India's state coffers are $10 billion (S$14 billion) richer thanks to the unexpected success of a government-led income declaration scheme. But among the many areas in need of urgent investment, from farmers' welfare to job creation schemes, Prime Minister Narendra Modi faces a difficult decision on how to spend the cash.
From June to September, Modi's administration sent about 700,000 notices to suspected tax dodgers, persuading them to reveal undeclared income and assets, referred to as black money, and pay a penalty. In return, the tax evaders would not be prosecuted, the government promised.
Finance Minister Arun Jaitley announced on Saturday that the programme had so far resulted in 64,275 declarations worth a provisional $9.8 billion, well above the government's internal goal of $7.5 billion, Reuters reported. The final figure could be even higher, Jaitely said.
The heavyweight Asian economy has long struggled to collect tax revenues from its 1.2 billion strong population, for many reasons.
For one, many Indians are employed in the country's informal economy that typically pays in cash. Moreover, deeply rooted issues of excessive bureaucracy, inefficiency and corruption make it difficult for the government to collect what it's owed. As a result, just 1 per cent of the population paid taxes during the 2012-2013 fiscal year, according to the latest government data released in May; 28.7 million people filed returns that year, but of these, 16.2 million did not pay tax, the report revealed.
Modi pledged to crack down on the billions lost in black money during his 2014 election campaign and so far, he appears to be delivering. His administration unveiled new rules this year that made it compulsory to declare a unique taxpayer number when purchasing goods over $2,980.
Jaitley announced that the newly-acquired funds would be allocated to social security purposes, local media reported. But current geopolitical tensions in Kashmir could prompt higher defence spending, Citi economists said in a Monday note.
"Part of the additional inflow from the Income Declaration Scheme may support higher defence spending in fiscal year 2018," Citi said.
India and Pakistan have been at loggerheads over the disputed territory for decades, but the conflict escalated on September 18 when Indian soldiers were killed in an attack in the Indian-administered town of Uri. New Delhi has blamed Pakistan, which denied the charges. In response, India launched "surgical strikes" inside Pakistan-controlled Kashmir. Both sides exchanged gunfire over the border at the weekend and at least one person was killed when six militants attacked an Indian army camp on Sunday.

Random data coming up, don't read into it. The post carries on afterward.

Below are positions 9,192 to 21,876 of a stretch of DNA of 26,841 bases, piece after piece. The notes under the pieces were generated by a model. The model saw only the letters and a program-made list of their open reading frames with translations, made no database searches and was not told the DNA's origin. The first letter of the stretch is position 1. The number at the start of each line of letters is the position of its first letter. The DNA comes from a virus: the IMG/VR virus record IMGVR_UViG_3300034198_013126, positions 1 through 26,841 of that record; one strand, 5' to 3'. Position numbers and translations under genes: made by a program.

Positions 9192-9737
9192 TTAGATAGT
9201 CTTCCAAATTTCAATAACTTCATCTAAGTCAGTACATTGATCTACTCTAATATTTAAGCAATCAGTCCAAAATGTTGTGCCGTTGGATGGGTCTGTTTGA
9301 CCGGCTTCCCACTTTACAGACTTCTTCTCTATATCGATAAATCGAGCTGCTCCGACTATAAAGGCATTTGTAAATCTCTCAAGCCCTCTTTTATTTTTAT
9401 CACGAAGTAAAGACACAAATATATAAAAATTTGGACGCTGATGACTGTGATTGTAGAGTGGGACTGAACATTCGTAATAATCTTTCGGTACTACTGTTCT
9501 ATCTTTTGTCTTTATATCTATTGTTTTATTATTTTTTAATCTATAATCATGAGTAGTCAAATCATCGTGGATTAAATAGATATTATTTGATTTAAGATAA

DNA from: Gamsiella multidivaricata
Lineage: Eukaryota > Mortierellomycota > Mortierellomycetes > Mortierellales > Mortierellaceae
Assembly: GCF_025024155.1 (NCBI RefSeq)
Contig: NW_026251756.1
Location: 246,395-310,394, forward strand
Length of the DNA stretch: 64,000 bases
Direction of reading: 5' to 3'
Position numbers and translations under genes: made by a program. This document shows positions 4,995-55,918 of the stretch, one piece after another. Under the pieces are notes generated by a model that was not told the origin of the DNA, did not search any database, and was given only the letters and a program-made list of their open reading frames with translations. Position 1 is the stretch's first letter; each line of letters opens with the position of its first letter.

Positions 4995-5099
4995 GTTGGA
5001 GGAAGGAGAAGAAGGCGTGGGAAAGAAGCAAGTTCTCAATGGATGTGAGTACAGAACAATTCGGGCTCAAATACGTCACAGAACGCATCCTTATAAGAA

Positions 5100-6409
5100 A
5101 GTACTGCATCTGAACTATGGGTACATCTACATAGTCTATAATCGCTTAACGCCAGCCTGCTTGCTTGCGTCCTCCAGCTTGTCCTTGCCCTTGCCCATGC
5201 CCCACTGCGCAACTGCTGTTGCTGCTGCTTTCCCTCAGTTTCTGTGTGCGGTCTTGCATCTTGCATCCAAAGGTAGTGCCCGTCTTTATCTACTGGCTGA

Citi referred to historical evidence as justification, pointing to one of the many wars New Delhi and Islamabad fought over Kashmir.
"After the Kargil conflict in 1999, defence spending rose 18 per cent on-year in fiscal year 2000 to 16 per cent of total expenditure, or 2.3 per cent of gross domestic product," the note said.
US-India Business Council (USIBC) President Mukesh Aghi echoed those sentiments, in comments to The Hindu newspaper on Monday. Aghi said he expected spending on defence and security to "go up dramatically" due to the ongoing crisis in Kashmir.
But for some, the current geopolitical situation-however concerning-does not necessarily warrant an increase in military expenditure.
India's decisions to increase its naval capacity or buy weapons were typically aimed at catching up with China's military modernization, not battling Pakistan, noted Abhijnan Rej, fellow at New Delhi-based think-tank Observer Research Foundation.
"The decision to upgrade the defence sector is typically based on long-term integrated perspective planning, not just one single event," he said. "If the government can maintain a strong revenue base for some time to come, then it's possible we will gradually see an increase in military spending."
India was the world's fourth largest defence spender this year, according to IHS.
The bulk of economists believe the black money windfall should be allocated to social programs instead.
"It would certainly boost market confidence if the government were to target these funds towards spending that increases the economy's productivity and long-term growth potential," Eswar Prasad, senior professor at Cornell University and senior fellow at the Brookings Institution, told CNBC on Monday.
"Productivity-enhancing expenditures, such as on infrastructure or education, would not only direct boost growth but also have a positive effect on investor and consumer confidence," he continued.
Economists have long warned New Delhi to upgrade the nation's rickety roads, trains and ports, as well as health, education and other social programs that would benefit citizens, 12.4 per cent of which lived below the poverty line in 2011-12, according to the latest World Bank data.